14 September 2009
Kingsley Amis: ONE FAT ENGLISHMAN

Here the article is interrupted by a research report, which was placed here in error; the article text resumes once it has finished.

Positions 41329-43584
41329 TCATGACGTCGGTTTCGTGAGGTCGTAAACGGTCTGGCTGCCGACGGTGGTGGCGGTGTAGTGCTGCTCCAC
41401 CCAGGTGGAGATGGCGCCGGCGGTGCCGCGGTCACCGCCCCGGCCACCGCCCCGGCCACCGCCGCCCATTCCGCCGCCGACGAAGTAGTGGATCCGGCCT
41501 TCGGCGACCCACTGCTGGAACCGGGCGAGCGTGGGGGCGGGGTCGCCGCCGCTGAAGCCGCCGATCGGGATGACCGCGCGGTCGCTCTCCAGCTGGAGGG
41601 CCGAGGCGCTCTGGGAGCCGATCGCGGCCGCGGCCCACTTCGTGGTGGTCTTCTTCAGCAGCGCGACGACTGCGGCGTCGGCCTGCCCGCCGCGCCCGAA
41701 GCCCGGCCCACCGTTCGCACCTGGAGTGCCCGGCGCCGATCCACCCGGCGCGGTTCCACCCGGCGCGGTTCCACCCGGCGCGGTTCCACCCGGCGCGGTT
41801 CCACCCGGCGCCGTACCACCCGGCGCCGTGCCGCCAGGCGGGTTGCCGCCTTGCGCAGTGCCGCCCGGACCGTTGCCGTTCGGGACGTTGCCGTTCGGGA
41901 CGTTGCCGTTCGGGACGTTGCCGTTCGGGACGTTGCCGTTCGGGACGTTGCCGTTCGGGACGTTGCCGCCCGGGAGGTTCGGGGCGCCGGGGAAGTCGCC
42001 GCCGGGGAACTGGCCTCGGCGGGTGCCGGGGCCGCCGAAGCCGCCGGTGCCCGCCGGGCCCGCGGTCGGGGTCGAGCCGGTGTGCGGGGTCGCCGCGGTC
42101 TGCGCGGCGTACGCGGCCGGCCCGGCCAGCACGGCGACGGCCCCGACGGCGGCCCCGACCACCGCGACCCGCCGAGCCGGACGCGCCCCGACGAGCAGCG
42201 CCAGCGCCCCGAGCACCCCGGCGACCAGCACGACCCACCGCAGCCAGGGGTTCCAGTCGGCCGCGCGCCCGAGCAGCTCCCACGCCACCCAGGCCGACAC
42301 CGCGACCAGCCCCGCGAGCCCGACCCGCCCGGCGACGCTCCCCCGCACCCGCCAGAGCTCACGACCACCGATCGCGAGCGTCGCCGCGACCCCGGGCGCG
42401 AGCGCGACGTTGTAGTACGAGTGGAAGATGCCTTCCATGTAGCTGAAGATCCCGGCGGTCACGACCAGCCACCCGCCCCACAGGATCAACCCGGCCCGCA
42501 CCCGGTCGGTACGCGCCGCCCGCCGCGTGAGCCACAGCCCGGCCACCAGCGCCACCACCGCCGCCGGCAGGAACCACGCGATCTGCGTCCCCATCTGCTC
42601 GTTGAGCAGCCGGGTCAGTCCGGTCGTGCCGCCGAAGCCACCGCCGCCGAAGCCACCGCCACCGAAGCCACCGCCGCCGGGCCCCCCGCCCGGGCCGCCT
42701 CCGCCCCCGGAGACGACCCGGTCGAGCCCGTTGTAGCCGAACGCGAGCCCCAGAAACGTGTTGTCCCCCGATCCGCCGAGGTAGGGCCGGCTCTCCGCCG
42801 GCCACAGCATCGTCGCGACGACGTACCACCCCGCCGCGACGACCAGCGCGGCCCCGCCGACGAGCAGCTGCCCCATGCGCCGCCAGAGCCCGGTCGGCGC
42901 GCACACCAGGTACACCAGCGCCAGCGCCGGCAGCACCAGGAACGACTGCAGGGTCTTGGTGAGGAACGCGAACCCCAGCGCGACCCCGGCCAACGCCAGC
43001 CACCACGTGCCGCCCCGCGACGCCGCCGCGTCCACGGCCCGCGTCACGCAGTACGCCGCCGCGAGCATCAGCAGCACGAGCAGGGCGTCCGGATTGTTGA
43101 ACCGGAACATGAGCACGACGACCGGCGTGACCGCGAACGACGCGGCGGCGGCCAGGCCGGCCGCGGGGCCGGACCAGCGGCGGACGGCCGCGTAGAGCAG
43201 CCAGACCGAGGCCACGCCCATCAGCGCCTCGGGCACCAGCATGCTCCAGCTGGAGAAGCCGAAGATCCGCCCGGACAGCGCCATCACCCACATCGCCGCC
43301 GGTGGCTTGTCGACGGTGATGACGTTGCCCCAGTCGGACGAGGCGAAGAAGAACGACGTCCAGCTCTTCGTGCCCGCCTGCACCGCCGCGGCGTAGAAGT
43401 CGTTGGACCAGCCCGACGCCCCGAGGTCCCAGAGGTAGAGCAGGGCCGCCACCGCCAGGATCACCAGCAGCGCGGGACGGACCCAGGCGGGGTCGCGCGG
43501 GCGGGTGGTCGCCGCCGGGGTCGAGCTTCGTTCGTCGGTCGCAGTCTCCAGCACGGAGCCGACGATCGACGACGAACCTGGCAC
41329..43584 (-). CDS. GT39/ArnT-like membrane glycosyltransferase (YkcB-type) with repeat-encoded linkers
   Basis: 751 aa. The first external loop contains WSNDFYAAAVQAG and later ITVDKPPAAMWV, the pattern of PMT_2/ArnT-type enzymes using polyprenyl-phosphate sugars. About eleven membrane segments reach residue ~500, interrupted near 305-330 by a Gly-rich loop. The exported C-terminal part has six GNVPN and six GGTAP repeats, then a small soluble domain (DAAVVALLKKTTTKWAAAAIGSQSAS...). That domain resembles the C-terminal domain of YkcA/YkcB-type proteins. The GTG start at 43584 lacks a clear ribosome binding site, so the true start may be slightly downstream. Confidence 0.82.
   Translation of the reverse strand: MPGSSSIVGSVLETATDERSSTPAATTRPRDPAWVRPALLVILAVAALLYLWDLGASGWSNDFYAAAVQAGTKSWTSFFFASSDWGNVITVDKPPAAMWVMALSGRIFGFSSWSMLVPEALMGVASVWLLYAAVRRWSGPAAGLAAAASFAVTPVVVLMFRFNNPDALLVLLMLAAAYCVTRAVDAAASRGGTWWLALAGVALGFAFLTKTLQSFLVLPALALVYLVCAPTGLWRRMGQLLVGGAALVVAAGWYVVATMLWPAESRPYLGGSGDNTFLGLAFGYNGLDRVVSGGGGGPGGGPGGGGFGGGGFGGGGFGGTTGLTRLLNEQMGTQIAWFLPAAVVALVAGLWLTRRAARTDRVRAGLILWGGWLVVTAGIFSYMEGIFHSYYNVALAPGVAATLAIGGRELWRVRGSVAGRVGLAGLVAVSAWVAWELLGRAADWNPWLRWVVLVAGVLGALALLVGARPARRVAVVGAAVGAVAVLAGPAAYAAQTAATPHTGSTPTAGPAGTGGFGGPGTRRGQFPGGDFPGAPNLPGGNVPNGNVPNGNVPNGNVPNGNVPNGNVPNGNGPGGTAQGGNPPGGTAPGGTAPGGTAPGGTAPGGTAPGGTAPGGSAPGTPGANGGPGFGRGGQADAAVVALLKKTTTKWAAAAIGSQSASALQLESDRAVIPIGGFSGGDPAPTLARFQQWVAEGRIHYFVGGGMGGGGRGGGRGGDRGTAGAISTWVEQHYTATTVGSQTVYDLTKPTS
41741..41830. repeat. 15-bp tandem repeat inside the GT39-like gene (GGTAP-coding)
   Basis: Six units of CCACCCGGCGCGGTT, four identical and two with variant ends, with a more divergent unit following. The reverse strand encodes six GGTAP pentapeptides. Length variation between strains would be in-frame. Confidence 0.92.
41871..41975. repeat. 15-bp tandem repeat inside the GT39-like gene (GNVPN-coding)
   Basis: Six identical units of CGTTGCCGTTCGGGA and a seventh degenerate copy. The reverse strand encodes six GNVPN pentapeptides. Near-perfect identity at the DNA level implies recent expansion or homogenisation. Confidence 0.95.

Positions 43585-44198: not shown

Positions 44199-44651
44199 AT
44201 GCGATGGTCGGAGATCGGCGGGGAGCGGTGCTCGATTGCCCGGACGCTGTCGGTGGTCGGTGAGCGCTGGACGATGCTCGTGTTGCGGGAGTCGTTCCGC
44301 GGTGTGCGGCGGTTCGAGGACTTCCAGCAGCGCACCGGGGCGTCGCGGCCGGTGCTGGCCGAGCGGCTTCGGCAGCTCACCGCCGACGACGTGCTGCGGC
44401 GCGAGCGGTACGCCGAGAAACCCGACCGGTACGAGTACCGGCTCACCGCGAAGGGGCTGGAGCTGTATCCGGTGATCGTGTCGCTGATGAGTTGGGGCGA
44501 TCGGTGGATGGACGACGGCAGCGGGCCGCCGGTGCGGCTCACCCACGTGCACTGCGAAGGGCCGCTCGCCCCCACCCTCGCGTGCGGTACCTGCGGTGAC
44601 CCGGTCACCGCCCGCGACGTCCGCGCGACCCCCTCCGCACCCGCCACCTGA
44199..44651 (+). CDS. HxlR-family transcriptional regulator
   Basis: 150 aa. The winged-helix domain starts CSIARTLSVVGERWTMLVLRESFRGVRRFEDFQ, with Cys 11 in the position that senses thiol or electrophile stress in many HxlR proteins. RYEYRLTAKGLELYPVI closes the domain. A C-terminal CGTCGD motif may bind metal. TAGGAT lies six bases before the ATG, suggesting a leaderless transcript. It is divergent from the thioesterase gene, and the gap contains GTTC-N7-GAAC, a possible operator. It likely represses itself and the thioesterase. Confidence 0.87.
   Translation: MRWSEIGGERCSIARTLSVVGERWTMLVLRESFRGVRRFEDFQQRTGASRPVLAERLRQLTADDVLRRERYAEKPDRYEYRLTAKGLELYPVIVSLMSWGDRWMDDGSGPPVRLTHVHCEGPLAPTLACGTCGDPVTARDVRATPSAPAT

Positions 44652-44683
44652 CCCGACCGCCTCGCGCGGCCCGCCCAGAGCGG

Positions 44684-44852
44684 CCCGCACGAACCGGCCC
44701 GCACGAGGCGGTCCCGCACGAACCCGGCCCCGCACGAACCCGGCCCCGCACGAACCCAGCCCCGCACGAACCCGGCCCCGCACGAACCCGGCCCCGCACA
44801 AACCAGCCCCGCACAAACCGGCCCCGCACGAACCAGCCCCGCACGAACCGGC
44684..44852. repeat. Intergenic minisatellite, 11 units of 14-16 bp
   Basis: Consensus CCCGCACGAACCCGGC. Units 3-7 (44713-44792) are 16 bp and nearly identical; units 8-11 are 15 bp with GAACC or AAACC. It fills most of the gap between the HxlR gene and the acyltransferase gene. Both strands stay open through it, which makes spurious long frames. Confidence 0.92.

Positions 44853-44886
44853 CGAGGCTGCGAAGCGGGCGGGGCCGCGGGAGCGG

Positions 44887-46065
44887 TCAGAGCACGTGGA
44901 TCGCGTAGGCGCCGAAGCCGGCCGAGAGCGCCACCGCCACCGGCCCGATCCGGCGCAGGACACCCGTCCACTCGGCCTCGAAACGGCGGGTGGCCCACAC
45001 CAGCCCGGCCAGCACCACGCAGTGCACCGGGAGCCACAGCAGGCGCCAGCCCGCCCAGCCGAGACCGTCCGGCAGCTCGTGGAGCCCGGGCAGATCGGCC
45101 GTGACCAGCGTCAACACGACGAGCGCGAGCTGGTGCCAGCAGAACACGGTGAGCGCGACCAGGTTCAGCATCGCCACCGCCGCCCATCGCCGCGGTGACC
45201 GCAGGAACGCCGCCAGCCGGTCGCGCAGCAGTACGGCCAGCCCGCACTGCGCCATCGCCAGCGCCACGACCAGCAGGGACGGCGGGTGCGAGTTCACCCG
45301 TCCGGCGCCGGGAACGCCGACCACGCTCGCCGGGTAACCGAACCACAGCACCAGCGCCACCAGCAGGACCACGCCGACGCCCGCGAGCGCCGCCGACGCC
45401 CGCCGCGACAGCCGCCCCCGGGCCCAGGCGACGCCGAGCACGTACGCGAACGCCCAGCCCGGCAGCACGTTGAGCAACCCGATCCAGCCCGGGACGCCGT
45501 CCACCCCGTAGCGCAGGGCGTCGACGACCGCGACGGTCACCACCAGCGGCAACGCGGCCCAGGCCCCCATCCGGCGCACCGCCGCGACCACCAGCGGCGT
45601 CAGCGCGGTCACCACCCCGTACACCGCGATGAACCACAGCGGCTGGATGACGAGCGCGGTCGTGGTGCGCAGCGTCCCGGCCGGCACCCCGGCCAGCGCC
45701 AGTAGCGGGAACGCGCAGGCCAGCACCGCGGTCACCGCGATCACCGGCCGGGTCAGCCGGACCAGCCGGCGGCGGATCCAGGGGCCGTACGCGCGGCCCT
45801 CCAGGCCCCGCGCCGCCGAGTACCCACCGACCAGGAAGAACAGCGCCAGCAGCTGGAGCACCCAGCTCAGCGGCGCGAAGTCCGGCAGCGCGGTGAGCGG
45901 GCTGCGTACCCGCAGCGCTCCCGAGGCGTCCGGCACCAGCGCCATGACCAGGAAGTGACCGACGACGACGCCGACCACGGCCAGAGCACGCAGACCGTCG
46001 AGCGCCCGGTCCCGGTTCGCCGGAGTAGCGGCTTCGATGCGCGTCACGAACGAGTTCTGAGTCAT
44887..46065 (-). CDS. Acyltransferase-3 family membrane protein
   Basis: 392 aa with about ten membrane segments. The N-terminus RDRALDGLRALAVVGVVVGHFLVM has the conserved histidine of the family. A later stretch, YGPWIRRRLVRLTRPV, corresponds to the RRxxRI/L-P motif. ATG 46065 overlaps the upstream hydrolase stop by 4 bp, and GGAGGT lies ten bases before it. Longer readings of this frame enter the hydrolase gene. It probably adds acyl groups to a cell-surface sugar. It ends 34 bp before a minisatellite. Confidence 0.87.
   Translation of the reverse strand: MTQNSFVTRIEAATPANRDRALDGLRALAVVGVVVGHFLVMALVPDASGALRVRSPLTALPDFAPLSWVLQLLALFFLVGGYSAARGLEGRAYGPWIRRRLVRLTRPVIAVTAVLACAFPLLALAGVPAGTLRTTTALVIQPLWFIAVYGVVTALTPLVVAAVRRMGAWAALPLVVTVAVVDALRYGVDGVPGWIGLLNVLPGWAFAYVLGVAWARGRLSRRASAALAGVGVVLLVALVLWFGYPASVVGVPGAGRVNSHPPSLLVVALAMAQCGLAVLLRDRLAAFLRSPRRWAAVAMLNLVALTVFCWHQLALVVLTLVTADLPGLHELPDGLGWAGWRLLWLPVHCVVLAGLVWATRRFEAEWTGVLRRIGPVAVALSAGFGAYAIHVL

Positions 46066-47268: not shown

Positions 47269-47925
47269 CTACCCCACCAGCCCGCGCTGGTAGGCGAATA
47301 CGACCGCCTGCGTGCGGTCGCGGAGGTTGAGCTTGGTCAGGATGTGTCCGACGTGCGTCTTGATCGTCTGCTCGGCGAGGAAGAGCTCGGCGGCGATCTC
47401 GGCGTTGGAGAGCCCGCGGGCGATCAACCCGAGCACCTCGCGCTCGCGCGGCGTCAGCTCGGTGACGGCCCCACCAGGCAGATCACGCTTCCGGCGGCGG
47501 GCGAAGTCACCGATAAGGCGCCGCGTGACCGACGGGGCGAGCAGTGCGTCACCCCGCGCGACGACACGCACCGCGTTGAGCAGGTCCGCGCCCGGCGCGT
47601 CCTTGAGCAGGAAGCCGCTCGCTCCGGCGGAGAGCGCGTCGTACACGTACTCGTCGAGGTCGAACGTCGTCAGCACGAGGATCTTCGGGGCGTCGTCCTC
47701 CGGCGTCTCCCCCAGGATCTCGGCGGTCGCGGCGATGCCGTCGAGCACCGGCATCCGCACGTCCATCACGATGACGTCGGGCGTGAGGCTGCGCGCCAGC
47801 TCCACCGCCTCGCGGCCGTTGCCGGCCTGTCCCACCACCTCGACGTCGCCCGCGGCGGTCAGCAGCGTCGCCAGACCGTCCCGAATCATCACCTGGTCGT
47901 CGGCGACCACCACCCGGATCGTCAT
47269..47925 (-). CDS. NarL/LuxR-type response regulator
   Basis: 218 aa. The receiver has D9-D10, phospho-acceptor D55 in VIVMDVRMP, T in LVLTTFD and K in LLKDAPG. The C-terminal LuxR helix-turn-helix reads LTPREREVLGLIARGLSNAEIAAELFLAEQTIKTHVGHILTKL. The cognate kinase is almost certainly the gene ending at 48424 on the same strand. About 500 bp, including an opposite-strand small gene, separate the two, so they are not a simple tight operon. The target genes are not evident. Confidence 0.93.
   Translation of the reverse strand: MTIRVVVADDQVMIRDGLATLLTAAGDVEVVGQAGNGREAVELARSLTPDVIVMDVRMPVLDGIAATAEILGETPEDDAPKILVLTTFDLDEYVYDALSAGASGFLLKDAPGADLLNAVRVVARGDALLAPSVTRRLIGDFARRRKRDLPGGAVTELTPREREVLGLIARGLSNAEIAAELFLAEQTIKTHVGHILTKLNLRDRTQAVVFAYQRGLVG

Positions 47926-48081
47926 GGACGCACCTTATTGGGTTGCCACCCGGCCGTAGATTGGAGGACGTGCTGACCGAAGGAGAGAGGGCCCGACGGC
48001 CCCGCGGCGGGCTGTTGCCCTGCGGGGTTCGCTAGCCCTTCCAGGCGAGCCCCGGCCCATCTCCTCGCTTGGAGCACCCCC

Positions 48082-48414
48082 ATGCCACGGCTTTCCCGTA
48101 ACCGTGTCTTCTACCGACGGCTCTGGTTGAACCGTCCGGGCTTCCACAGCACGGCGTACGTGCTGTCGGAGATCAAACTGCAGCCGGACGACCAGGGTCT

I happen to possess a fairly early American edition of Kingsley Amis's One Fat Englishman, an early-1960s paperback published when Amis was just a promising young Briton, long before he became enshrined as potentially one of the UK's more important twentieth-century writers (and it only cost me $2.50!). I say this not to brag, because it's actually in rather sub-par condition, but because it meant that this particular edition lacked the forward-packed-with-literary-analysis-and-appreciation that my well-worn copy of the fabulous Lucky Jim possesses (read Lucky Jim by the way--please, please, please read Lucky Jim). I didn't assume, going into the reading process, that this would matter exceptionally--after all, I figured, half the time I just skip over the things anyway. Well, I was wrong. I found One Fat Englishman, while still as well-written as anything by Amis, to be rather, well, unlikable. In that, I soon found, I was not alone. David Lodge, a talented author in his own right and one of the earliest to spot Amis's literary value (also the author of the forward to my copy of Lucky Jim), wrote in The Guardian that this is the "least likable novel" penned by Amis, and went on to tell us why. Upon initially reading O.F.E., Lodge remarked, he was as unimpressed as I was. Upon rereading it years later, however, he realized that the disgustingly dislikable antihero Roger Micheldene was as much of an Amis stand-in as Lucky Jim had earlier been. Amis had noticed himself becoming more and more conservative, more and more boorish, more and more...well, fat. And hated that part of himself (although he couldn't do anything to avert its eventual dominance). So he wrote a book about it, a book imbued with an almost palpable sense of self-loathing. Does it make this C-grade book easier to read? No, not at all. But it does make one appreciate that One Fat Englishman actually does possess a certain measure of literary and personal merit, and is an appropriate cap to Amis's early period. It's not as much fun as Lucky Jim, no, but it's got its own place, and it belongs there. Thank you, David Lodge--I probably won't skip any more of your forwards.